As you drive over the Funeral Mountains, past Dante's View and the Devil's Corn Field, you may begin to discern a subtle theme emerging. Your suspicions may be heightened as you creep past Hell's Gate and the Last Chance Range. Just when you think things may be getting downright unfriendly, you come across a sun-bleached sign hammered into the desert sand:
DANGER! Abandoned mine hazards: Unsafe mine openings. Deadly gas and lack of oxygen. Unsafe ladders and rotten structures. Unstable explosives.
Welcome to Death Valley, Calif., where the motto should be: "You Can't Say We Didn't Warn You." The hottest and driest spot in the Western Hemisphere, Death Valley is one of the few tracts of federal land that the National Park Service's chocolate brown interpretive signs haven't been able to tame. Drop in on the visitors center at Furnace Creek and you're just as likely to hear travelers telling park rangers about a recently washed-out trail or newly discovered shortcut rather than the other way around. It's not that the rangers don't know the area; it's that there's so much area to know. With more than 3.3 million acres of land, Death Valley is the largest national park outside Alaska, comprising an area 1 1/2 times the size of Delaware and even more desolate. (In 1994, President Clinton signed the Desert Protection Act, which added 1.3 million acres to Death Valley National Monument, and changed its official status to a national park.)
Merely driving through Death Valley is flirting with danger. Roadside signs instruct drivers to turn off the car's air conditioner while climbing hills to avoid overheating the engine. For those foolish enough to ignore the warnings, buckets of emergency water are positioned on the shoulder of California Route 190, the lonely two-lane road that snakes through the park. Before long, you develop an intimate relationship with your car's temperature gauge; you may even find yourself shouting at the needle as it inches toward H. (If the needle shouts back, it's definitely time to pull over.)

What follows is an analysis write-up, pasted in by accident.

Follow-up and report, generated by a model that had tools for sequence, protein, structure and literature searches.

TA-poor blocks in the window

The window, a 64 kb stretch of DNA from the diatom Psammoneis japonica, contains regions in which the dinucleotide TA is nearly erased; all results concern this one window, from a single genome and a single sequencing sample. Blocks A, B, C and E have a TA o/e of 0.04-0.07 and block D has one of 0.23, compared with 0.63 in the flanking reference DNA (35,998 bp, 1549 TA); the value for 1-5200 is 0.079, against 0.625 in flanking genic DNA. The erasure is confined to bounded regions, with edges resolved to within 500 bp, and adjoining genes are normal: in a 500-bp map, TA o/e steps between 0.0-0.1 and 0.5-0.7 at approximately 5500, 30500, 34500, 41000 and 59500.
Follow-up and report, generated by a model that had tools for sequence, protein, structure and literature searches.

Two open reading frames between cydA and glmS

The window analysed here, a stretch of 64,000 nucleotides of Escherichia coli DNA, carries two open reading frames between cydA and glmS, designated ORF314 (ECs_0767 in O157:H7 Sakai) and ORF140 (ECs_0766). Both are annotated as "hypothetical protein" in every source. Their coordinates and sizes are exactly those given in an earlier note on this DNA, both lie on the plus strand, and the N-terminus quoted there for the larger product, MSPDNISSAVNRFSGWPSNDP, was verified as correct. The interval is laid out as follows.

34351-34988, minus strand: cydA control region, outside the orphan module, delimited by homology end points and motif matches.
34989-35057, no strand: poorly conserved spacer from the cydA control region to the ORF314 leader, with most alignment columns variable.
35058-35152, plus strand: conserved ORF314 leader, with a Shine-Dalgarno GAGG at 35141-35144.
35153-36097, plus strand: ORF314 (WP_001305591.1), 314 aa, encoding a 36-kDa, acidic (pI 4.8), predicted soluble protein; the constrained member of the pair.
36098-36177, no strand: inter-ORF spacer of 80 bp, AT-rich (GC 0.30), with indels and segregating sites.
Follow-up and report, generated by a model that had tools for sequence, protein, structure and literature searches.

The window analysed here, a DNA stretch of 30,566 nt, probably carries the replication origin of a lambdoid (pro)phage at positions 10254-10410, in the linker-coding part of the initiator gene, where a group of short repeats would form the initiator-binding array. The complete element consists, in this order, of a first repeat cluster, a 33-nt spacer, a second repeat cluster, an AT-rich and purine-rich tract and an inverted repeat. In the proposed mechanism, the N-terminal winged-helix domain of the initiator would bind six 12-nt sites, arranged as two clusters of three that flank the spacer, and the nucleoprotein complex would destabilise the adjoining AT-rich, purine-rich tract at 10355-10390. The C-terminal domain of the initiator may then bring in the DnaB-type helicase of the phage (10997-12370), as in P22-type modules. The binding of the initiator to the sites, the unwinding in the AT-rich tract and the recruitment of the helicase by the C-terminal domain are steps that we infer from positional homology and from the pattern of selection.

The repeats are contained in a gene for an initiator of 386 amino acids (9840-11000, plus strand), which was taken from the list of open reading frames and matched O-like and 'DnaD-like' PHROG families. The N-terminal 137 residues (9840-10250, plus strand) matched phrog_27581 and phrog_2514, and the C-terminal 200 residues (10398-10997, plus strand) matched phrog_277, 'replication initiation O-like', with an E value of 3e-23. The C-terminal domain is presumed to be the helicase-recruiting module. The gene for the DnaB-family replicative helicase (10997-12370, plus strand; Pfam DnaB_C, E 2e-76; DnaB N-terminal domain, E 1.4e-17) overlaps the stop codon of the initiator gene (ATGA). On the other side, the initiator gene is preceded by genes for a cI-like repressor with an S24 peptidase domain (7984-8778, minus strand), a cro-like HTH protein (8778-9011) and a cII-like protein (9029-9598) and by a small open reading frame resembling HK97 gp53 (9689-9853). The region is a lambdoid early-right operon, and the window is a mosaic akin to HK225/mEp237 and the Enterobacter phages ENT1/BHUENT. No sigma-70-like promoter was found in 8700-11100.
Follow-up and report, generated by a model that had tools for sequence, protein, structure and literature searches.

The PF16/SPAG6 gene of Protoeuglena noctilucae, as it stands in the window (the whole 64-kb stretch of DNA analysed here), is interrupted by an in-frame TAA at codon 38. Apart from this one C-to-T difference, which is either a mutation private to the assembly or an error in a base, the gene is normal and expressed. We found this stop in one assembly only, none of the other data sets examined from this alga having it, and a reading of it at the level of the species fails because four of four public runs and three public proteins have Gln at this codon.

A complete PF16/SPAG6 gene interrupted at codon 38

In the summer, Death Valley has the kind of weather Al Gore keeps warning everyone about. From May through September, the average daytime high is over 100 degrees; in July the average high is a sizzling 116. (Yes, it's a dry heat, but so is the surface of the sun.) Last summer Death Valley was even more hellish than normal. On July 17, the mercury topped 129 degrees, the second-highest ever recorded in the United States. (The highest reading was 134 degrees, recorded in 1913 at--yes--Death Valley.)
But in winter, Death Valley is less death and more valley, with a climate that almost passes for pleasant. Daytime highs are usually in the seventies and eighties, with the nighttime lows in the forties. The winter sun is strong and not to be trifled with, but the air is crystal clear and the sky is heartbreakingly blue. It's a splendid time to explore the ethereal beauty of this desert landscape without worrying about being devoured by vultures just because you wouldn't turn off your car's air conditioner.
Still, that leaves a few stray hazards, such as the deadly gas, lack of oxygen and unstable explosives found around the dozens of abandoned mines that litter the area. It was mining, in fact, that first brought white settlers to Death Valley. (Native tribes such as the Shoshone have inhabited the region for thousands of years.) In 1849, a ragtag group of adventurers bound for the California gold fields made the ill-advised decision to take a shortcut across the desert. Since the party was led by men, they refused to stop and ask for directions, and three people died in the desolate area they would name Death Valley. In the decades that followed, prospectors came to the valley to dig for gold, silver and borax, with their finds transported out of the valley by wagons pulled by 20-mule teams. Many of the mines weren't productive enough to offset the high cost of doing business in Death Valley, and in 1976, Congress passed a law that closed the valley to the filing of new mining claims.
With a little effort, you can still see what's left of one of the more successful operations, the Keane Wonder Mine, which was abandoned in the early 1930s. After a nervous three-mile drive down a rocky dirt road (the desert's a nasty place to change a flat tire), you come upon the ruins of a turn-of-the-century gold and silver mining and milling operation. Shards of rusted mining machinery litter a dry gulch, a tetanus shot waiting to be administered. The wind-blasted remains of a mile-long aerial tramway run up the side of a hill; the wooden tramway once transported ore from a hilltop mine to a mill for processing on the valley floor. Several spooky-looking mine shafts dot the surrounding hillsides, cool, inky passages that lead nowhere. Not even the dream of striking it stinking rich, which has conquered many a hostile area of the globe, managed to make much of a dent in Death Valley.